Heavy rain, tired legs and an in-form team driving the peloton hardly make for the best environment for a new squad to test out their crit-riding credentials in.
Unfortunately for Team Hope Factory Racing, that was what they came up against in Sunday's Tour DoonHame stage two, a 16.5-mile gallop around the streets of Girvan.
Despite repeated success with their off-road outfits, this
is their first proper foray into the road racing scene. Their past glories have already paid off - they secured one of the coveted 10 Halfords Tour Series slots.
Therefore, against the likes of previous winners Rapha-Condor Sharp and Node 4-Giordana, yesterday's 45-minute burn-up therefore presented a good opportunity to see what they'll be up against come May.
The circumstances were slightly different, mind. The top squads had eight riders; with Steve Whitehurst not starting, Hope were down to four. Having 80 miles in the legs from the morning stage also distorted things. Would they cope, or would they need more than their name suggests?
In the pit area, positioned immediately before the finish line in Victory Park, team manager Lee Owen-Stamford was understandably keen to see
how his team would fare.
"We're pleased and excited to get the offer to ride the Tour Series and we're looking forward to it," he states. "Some of our guys have ridden crits before, but this [DoonHame stage] gives us a chance to test where we need to be."
It starts off well, with all four riders staying within the peloton. When the elastic begins to break shortly before the halfway point, former National Cyclo-Cross champion Paul Oldham and Dave Collins stay in the front group.
"He's been ill recently, but he's still giving it
everything," Owen-Stamford says of Sam Ward, who is trying frantically to get
back on. "And this is Tommo's [James Thomson] first ever crit."
Stamford-Owen taking shelter from the storm, literally.
In many ways, this type of racing is similar to cyclo-cross events; the riders are flat out for an hour or so. Position is crucial; you don't want to be caught on the wrong side of any split or crash. Experience, too, comes in handy.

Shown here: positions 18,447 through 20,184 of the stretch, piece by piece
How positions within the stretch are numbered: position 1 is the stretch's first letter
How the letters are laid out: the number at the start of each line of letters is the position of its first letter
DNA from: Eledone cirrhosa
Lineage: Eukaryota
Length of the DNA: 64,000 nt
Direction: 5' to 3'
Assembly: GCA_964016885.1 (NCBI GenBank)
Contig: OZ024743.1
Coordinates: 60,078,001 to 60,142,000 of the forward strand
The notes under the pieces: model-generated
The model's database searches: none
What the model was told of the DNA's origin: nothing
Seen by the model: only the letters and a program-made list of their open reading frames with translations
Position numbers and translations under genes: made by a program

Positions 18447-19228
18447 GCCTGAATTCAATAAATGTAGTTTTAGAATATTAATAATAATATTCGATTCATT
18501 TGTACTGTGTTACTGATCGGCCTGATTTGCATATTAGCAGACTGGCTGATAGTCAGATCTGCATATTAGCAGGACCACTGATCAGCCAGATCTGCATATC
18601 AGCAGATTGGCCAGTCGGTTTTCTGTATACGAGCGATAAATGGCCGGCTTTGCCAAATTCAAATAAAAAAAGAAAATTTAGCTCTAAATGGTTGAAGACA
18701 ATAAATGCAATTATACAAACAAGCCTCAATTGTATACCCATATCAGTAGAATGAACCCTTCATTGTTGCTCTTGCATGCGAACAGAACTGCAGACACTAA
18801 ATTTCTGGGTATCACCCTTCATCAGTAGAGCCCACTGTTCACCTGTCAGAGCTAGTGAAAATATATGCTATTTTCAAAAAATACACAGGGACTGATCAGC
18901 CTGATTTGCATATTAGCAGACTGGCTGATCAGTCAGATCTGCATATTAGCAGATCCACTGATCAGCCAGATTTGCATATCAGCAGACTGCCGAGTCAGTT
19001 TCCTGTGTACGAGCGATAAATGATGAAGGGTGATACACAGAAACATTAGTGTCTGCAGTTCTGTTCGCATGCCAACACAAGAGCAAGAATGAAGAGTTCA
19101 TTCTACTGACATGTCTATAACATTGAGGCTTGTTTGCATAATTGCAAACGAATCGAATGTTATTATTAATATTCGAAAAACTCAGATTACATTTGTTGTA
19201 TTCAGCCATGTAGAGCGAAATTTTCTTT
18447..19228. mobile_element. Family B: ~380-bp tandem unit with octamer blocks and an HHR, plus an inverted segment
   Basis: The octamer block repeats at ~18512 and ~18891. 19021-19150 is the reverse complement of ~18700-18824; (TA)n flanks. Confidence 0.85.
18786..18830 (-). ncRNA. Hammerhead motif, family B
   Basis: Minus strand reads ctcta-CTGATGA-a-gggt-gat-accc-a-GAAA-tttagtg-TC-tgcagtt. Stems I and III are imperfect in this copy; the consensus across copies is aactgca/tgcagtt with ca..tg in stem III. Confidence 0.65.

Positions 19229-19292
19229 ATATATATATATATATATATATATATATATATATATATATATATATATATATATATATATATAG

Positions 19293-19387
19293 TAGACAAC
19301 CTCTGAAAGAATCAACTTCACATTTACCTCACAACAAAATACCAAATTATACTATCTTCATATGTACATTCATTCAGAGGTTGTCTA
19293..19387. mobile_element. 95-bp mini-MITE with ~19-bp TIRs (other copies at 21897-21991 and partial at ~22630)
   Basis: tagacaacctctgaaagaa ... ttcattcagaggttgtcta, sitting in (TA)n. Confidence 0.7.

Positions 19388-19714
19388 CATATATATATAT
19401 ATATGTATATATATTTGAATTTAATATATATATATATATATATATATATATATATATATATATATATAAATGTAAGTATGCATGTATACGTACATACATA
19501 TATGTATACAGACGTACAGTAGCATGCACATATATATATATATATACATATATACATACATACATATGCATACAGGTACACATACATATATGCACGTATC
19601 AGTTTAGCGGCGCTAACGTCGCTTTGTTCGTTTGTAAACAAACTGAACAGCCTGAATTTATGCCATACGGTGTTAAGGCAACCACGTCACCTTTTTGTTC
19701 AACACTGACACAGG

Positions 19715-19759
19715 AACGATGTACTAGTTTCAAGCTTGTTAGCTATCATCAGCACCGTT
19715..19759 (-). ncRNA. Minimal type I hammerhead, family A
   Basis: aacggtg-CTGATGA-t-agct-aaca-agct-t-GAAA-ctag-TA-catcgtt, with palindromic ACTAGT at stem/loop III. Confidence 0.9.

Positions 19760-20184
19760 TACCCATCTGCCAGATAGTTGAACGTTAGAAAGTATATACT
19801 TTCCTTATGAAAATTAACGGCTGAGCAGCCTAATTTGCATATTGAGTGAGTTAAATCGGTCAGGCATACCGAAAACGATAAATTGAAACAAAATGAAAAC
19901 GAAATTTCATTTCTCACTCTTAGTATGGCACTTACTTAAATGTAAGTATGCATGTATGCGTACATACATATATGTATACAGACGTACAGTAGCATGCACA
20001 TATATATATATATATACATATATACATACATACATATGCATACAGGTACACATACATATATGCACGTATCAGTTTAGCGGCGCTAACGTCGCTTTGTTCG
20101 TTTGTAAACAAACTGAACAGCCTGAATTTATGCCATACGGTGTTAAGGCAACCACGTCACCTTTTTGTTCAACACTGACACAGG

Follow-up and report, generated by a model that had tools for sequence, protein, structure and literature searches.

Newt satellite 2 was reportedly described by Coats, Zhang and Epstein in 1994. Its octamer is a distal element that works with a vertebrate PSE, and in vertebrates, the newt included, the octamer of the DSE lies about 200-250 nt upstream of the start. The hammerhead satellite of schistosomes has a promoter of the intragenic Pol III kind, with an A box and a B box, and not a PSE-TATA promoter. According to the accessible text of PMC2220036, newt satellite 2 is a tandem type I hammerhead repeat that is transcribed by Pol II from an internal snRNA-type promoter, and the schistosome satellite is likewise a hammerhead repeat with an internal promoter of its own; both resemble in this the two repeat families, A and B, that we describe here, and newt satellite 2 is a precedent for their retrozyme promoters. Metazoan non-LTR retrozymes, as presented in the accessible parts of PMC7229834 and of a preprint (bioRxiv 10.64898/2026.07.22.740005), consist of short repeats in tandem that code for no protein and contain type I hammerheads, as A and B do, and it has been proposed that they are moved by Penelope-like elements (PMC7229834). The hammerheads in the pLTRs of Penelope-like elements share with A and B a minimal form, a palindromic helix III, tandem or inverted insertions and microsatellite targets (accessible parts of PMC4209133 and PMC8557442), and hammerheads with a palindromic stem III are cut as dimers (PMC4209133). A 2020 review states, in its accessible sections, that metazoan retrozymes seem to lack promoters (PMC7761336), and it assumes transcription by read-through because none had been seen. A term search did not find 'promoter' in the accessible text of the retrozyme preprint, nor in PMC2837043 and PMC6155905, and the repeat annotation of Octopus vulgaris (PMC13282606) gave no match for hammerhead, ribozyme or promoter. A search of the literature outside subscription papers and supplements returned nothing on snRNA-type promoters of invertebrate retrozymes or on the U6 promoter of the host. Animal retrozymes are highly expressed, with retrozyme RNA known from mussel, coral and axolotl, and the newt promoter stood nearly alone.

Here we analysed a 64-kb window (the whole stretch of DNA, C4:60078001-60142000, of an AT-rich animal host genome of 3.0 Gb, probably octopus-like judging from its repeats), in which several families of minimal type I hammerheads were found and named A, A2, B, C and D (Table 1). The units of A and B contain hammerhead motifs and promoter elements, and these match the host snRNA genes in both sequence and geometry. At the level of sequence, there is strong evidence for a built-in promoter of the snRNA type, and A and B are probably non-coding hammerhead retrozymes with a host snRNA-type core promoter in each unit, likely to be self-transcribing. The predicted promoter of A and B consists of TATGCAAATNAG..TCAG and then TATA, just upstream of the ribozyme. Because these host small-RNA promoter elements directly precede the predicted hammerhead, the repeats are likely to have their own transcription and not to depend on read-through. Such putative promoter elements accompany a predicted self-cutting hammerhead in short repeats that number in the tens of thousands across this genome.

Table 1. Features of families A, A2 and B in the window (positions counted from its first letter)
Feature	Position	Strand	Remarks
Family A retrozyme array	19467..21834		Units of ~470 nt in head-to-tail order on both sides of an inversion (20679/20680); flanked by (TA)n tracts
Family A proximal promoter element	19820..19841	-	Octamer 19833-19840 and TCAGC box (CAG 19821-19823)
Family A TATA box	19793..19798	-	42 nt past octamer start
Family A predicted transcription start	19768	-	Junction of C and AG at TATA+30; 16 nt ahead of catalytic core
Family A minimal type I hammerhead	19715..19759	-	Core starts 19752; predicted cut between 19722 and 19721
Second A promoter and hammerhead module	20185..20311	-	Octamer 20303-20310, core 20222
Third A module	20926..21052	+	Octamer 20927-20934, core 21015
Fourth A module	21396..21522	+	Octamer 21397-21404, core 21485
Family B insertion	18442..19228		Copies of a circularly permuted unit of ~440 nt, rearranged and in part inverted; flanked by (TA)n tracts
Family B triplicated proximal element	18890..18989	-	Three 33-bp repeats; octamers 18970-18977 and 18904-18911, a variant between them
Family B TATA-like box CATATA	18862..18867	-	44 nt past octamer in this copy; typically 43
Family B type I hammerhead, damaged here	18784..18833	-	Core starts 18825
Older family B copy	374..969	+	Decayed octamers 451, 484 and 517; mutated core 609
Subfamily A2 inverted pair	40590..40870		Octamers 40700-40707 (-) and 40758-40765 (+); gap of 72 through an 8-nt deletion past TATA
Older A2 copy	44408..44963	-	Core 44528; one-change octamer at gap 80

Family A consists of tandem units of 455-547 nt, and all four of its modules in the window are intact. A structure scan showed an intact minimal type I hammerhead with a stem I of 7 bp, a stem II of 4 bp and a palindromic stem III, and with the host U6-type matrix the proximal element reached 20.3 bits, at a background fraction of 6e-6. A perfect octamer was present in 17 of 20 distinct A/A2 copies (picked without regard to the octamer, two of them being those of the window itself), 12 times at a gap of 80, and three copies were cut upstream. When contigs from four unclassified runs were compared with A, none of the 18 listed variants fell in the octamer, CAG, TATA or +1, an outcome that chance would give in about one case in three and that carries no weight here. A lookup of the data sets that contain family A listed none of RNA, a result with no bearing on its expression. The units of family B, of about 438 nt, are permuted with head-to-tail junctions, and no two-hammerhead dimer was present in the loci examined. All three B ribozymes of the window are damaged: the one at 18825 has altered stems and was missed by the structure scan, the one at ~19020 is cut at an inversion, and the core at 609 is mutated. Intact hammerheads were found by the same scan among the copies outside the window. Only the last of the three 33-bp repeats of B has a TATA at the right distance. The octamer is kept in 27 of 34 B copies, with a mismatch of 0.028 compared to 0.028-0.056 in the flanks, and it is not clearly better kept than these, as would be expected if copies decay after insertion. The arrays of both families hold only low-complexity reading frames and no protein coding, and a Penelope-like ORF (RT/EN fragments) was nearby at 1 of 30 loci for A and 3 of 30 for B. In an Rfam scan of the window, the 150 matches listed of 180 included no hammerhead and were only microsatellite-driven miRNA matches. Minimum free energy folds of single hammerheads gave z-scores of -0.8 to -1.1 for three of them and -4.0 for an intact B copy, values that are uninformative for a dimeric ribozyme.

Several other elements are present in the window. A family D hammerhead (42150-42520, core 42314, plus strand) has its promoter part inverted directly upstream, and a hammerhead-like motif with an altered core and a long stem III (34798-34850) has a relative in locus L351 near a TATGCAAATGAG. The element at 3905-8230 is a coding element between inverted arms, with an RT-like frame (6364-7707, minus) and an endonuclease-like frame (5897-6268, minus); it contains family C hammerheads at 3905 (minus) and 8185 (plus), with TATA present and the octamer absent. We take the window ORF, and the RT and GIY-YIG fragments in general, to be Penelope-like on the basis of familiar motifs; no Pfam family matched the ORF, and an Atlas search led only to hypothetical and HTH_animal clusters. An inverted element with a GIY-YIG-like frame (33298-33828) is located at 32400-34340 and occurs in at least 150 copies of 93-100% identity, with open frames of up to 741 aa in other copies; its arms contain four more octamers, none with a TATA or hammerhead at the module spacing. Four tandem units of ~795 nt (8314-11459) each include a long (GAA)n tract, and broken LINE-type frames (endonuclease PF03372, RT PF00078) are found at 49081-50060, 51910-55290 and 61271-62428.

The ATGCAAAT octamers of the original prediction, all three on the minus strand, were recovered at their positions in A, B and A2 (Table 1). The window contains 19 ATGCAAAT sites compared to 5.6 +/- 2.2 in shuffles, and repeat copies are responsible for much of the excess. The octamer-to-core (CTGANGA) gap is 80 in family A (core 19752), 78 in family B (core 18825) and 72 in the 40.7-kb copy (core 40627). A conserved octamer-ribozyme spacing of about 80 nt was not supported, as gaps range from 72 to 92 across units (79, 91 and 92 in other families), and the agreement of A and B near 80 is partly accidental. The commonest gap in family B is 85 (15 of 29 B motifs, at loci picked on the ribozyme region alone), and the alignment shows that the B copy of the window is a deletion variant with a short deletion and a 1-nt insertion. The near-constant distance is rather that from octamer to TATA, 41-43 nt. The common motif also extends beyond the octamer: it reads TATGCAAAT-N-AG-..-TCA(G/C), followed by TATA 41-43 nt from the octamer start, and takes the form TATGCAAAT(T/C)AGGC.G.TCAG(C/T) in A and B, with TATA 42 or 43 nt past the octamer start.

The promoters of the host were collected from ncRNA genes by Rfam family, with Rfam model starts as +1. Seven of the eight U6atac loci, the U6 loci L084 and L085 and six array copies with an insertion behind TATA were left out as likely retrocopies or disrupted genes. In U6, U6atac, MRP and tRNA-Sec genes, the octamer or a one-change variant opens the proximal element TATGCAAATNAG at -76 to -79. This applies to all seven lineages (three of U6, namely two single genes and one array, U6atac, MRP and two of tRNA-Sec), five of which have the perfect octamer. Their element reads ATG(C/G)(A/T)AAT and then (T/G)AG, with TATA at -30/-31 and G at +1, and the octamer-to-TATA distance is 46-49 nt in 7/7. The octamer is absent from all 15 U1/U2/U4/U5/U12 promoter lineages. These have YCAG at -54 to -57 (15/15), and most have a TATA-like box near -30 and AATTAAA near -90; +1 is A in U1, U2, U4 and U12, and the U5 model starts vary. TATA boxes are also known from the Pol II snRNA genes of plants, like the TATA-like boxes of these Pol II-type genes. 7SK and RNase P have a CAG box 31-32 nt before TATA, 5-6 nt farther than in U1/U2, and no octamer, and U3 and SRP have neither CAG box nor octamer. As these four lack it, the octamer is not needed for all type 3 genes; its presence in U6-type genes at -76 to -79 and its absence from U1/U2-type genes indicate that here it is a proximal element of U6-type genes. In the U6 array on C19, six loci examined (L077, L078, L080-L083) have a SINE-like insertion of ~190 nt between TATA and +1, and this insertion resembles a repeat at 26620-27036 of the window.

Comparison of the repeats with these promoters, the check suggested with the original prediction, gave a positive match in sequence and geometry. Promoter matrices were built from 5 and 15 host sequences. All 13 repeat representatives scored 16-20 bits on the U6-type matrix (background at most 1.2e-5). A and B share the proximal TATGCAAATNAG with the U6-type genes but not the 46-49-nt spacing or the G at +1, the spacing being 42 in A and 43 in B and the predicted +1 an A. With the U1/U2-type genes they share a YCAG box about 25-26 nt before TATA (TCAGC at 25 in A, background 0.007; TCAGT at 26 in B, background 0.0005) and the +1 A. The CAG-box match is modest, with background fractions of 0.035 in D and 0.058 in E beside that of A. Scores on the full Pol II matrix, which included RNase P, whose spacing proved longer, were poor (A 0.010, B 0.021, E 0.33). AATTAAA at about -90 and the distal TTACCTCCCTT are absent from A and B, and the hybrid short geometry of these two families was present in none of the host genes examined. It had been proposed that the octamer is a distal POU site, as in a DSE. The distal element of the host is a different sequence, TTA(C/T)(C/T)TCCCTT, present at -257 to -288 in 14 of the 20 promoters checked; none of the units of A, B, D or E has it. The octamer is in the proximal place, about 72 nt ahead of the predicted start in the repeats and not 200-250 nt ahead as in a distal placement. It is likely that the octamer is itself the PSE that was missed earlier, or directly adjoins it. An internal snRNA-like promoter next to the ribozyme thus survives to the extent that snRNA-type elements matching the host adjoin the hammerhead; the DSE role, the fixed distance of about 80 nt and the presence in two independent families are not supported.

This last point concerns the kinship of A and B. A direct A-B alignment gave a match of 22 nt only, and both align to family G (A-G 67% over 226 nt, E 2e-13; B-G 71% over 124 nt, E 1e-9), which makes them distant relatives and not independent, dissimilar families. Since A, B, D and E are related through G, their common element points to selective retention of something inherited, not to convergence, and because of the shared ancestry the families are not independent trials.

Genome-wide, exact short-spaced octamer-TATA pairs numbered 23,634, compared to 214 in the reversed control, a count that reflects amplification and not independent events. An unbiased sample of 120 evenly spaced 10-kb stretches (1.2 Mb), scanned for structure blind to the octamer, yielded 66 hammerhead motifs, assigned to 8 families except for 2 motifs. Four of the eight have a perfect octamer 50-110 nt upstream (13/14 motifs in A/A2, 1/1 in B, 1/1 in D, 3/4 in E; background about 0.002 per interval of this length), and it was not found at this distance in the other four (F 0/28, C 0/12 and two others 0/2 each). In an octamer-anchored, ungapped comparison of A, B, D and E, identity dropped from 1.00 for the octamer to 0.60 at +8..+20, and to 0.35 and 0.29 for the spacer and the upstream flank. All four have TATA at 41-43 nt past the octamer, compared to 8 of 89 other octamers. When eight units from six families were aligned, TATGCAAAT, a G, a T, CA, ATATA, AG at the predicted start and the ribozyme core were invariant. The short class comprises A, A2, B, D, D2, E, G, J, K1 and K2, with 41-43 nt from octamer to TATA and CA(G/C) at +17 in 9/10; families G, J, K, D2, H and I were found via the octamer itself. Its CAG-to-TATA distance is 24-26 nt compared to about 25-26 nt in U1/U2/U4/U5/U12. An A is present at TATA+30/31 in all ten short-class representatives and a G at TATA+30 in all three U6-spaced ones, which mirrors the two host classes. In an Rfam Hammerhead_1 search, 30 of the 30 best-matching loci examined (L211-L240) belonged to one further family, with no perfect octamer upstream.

Even so, when Oldham crosses the line within with the main peloton, you cannot help but feel impressed.
Collins comes in soon after too, beating riders from Metaltek-Scott and Herbalife-Leisure Lakes, who are the other two new teams selected to ride the 2012 Tour Series.
"I'm happy with that," Owen-Stamford said. "It's a bit different to what Paul and Dave are used to, especially having already raced for 80 miles in the morning.
"We raced 100 miles on road for the first time this week,and now we've got that crit experience under our belt."
Round one in Kirkcaldy will be upon the team before they know it.
Thwaites makes it two out of two for Endura at DoonHame
Rowsell takes DoonHame opener
Premier Calendar 2012: Cycling Weekly's coverage index
Tour DoonHame 2012: The Big Preview
Super Team Challenge: Standings
Thank you for reading 10 articles this month* Join now for unlimited access
Enjoy your first month for just £1 / $1 / €1
*Read 5 free articles per month without a subscription
Join now for unlimited access
Try first month for just £1 / $1 / €1
Nick Bull is an NCTJ qualified journalist who has written for a range of titles, as well as being a freelance writer at Beat Media Group, which provides reports for the PA Media wire which is circulated to the likes of the BBC and Eurosport. His work at Cycling Weekly predominantly dealt with professional cycling, and he now holds a role as PR & Digital Manager at SweetSpot Group, which organises the Tour of Britain.
Bikes of the Atlas Mountain Race 2023: from comfort gravellers to speed weapons, here’s what caught our eye
Covering 1,300km / 800mi of Morocco’s gravel roads and mountain passes, the Atlas Mountain Race demands a tech-heavy approach for its 3+ days of bikepacking racing
By Stefan Abram • Published
British champion Cameron Mason hoping for rain at Cyclo-cross World Championships
British national champion says patience will be the key in what’s expected to be a fast race in Hoogerheide, the Netherlands
By Tom Thewlis • Published